Recreational marijuana close to being on 2018 statewide ballot

By: Nick Mordowanec | C&G Newspapers | Published January 23, 2018

LANSING — The state of Michigan could potentially be seeing a lot of green in the not-too-distant future.

On Nov. 20, a pro-marijuana group called the Coalition to Regulate Marijuana Like Alcohol submitted approximately 365,000 signatures to the Michigan Bureau of Elections in support of letting the voters decide whether recreational marijuana should be taxed and legalized to individuals 21 and older, as part of an intended 2018 ballot proposal called the Michigan Regulation and Taxation of Marihuana Act.

If the proposal is on this year’s ballot and succeeds, marijuana would be legal under state and local law for adults 21 years and older; industrial hemp would be legal under state and local law; and commercial production and distribution of marijuana would be controlled under a system that licenses, regulates and taxes the businesses involved.

Individuals would be able to possess or consume no more than 2 1/2 ounces of marijuana, and more than 15 grams of concentrate. More light would also be shed on “microgrowers,” mirroring industries like brewpubs and microdistilleries.

Another aspect involves the removal of the commercial production and distribution of marijuana from the illicit market, and preventing revenue generated from commerce in marijuana from going to criminal enterprises.

The Michigan Legislature could theoretically approve, reject or introduce its own proposal, rather than put the proposal on the ballot in the first place.

According to Josh Hovey, communications director for the coalition, the proposal would model other states with legalized recreational marijuana — such as Colorado, Washington and Oregon — and would likely generate $200 million in new annual tax revenue once the market is established.

The initiative shares revenue, with 35 percent toward K-12 education, 35 percent toward the repair and maintenance of roads and bridges, 15 percent toward local municipalities that allow marijuana-related businesses in their jurisdiction, and 15 percent toward counties that allow marijuana-related businesses in their jurisdiction, with local governments using funds at their own volition.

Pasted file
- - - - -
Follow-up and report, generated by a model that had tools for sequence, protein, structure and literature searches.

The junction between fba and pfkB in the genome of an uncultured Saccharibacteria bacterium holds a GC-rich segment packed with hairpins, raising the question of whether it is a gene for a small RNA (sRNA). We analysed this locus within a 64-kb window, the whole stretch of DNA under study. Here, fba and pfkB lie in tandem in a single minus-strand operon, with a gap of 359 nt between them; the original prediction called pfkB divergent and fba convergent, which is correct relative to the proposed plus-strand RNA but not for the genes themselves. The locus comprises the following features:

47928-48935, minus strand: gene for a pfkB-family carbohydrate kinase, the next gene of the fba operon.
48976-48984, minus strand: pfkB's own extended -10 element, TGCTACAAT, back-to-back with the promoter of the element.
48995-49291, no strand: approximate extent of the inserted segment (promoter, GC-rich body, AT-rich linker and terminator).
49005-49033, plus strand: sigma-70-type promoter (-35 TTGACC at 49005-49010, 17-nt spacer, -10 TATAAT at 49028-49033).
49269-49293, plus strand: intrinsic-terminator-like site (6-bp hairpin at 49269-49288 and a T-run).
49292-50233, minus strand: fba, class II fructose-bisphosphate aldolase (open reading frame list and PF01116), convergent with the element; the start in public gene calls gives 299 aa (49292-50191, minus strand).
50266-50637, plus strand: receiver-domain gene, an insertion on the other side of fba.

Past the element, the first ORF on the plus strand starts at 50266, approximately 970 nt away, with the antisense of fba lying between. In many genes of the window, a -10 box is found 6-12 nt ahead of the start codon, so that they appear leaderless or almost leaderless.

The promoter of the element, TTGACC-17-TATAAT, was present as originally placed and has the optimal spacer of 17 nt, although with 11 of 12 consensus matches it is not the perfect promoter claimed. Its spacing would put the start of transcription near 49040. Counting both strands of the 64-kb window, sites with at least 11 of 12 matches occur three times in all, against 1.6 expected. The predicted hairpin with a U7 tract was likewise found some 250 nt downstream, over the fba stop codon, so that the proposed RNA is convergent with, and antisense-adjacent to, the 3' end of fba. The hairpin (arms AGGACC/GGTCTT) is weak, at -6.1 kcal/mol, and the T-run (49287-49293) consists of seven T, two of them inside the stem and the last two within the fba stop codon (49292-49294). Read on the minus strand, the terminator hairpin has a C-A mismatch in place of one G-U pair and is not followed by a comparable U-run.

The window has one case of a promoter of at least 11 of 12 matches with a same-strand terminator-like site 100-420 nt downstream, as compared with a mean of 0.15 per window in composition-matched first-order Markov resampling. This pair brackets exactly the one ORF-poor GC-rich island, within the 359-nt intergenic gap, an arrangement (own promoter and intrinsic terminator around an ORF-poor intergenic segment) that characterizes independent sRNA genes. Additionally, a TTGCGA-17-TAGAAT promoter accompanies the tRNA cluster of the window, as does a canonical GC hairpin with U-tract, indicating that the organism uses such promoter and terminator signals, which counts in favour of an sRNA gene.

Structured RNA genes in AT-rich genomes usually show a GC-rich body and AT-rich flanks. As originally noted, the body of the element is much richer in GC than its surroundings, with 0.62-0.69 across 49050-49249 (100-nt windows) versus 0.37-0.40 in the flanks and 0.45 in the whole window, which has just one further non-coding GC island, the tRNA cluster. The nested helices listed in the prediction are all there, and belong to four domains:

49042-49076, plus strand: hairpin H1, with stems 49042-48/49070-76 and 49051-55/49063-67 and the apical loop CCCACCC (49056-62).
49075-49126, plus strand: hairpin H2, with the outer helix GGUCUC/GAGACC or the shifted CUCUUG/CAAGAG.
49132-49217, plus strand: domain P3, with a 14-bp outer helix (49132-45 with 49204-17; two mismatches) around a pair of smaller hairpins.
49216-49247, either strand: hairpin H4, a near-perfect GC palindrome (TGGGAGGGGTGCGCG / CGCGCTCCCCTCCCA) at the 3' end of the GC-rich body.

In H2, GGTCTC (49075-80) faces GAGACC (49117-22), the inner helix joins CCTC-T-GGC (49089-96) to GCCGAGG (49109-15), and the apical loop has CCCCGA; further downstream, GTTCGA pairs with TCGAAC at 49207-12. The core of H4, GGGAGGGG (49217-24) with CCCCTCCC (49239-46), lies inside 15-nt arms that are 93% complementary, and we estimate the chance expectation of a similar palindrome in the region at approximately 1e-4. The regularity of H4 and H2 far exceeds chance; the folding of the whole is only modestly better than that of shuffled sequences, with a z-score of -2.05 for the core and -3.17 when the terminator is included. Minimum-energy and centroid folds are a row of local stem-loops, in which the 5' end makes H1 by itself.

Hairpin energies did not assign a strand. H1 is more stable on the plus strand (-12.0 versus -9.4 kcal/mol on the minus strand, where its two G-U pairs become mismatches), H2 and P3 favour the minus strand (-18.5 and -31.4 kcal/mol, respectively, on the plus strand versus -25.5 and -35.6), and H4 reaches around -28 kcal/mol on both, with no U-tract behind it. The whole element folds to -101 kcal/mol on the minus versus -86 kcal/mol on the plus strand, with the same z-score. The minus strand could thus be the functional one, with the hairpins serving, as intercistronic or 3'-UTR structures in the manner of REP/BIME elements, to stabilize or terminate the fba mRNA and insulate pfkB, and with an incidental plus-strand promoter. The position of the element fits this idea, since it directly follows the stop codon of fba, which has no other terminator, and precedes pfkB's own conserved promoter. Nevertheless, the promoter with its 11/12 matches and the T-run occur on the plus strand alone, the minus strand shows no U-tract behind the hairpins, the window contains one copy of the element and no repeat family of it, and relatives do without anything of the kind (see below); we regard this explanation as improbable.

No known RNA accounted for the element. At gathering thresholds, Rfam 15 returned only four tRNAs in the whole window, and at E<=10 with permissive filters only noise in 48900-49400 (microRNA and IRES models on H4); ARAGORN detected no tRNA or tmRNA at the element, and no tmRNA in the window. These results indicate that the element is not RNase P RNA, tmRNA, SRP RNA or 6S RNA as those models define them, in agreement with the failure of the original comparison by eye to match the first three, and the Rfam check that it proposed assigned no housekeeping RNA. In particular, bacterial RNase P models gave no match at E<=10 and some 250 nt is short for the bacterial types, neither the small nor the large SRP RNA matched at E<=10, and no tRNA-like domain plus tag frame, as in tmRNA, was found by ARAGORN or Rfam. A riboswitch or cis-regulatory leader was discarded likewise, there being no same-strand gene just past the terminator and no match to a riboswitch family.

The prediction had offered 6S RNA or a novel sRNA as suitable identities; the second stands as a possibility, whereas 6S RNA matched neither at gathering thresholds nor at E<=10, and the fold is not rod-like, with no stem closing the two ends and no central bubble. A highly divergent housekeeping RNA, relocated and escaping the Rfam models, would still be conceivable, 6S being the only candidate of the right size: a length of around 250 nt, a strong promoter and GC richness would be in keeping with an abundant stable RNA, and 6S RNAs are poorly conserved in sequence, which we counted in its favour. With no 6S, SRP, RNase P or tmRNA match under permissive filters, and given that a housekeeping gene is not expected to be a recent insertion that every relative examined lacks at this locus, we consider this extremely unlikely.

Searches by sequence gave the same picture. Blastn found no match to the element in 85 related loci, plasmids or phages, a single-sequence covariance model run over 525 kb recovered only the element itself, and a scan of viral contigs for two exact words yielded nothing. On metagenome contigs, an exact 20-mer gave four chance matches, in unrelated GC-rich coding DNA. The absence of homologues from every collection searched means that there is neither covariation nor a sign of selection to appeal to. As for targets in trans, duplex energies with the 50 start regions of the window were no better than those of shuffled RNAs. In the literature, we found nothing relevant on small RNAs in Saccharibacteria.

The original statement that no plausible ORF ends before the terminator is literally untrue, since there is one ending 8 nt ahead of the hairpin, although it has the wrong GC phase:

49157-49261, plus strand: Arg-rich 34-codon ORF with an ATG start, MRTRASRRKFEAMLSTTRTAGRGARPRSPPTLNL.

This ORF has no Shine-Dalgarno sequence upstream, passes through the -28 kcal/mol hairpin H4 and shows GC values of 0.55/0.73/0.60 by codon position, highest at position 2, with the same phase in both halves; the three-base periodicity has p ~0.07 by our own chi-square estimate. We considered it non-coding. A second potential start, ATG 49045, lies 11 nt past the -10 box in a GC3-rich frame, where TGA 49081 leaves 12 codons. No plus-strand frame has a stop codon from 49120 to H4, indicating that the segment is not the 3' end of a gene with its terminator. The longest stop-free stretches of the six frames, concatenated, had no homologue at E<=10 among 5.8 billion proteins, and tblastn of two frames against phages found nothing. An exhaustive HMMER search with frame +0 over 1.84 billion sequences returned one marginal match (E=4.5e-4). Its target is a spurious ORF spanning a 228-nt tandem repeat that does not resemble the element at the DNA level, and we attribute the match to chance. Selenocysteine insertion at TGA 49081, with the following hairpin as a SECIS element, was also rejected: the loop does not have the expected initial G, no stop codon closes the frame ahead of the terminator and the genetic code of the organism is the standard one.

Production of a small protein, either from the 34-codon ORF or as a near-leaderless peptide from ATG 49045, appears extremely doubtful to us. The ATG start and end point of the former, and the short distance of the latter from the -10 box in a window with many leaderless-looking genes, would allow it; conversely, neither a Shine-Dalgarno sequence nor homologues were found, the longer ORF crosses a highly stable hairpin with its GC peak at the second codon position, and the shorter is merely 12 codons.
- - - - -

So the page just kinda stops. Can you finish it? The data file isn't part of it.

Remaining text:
Hovey said the group had 180 days from May 18, 2017, to start collecting signatures. Roughly $1 million was spent last year working with the National Petition Management of Brighton to develop ballot language and collect signatures, as well as to secure legal experts to devise ballot language that could not be combated by legal challenges.

“We were fortunate to have really great volunteers. … Overall, we’re very confident that the vast majority (of signatures) should be counted by the state and there shouldn’t be any problem getting on the ballot,” Hovey said.

As of Jan. 8, the group was still waiting for the signatures to be verified, though their expectation for completion was late January or early February.

Dollars spent during a pro-legalization campaign would depend on who opposes the measure, Hovey said, but he expects to raise a minimum of another $4 million or $5 million — which would come from a mix of small and large contributions from supporters both in Michigan and nationwide.

This is the second time in three years that recreational marijuana is being attempted to be placed on a ballot initiative. In June 2016, a group called MI Legalize submitted more than 350,000 signatures, only to later find that half the signatures were deemed invalid by Michigan’s Bureau of Elections.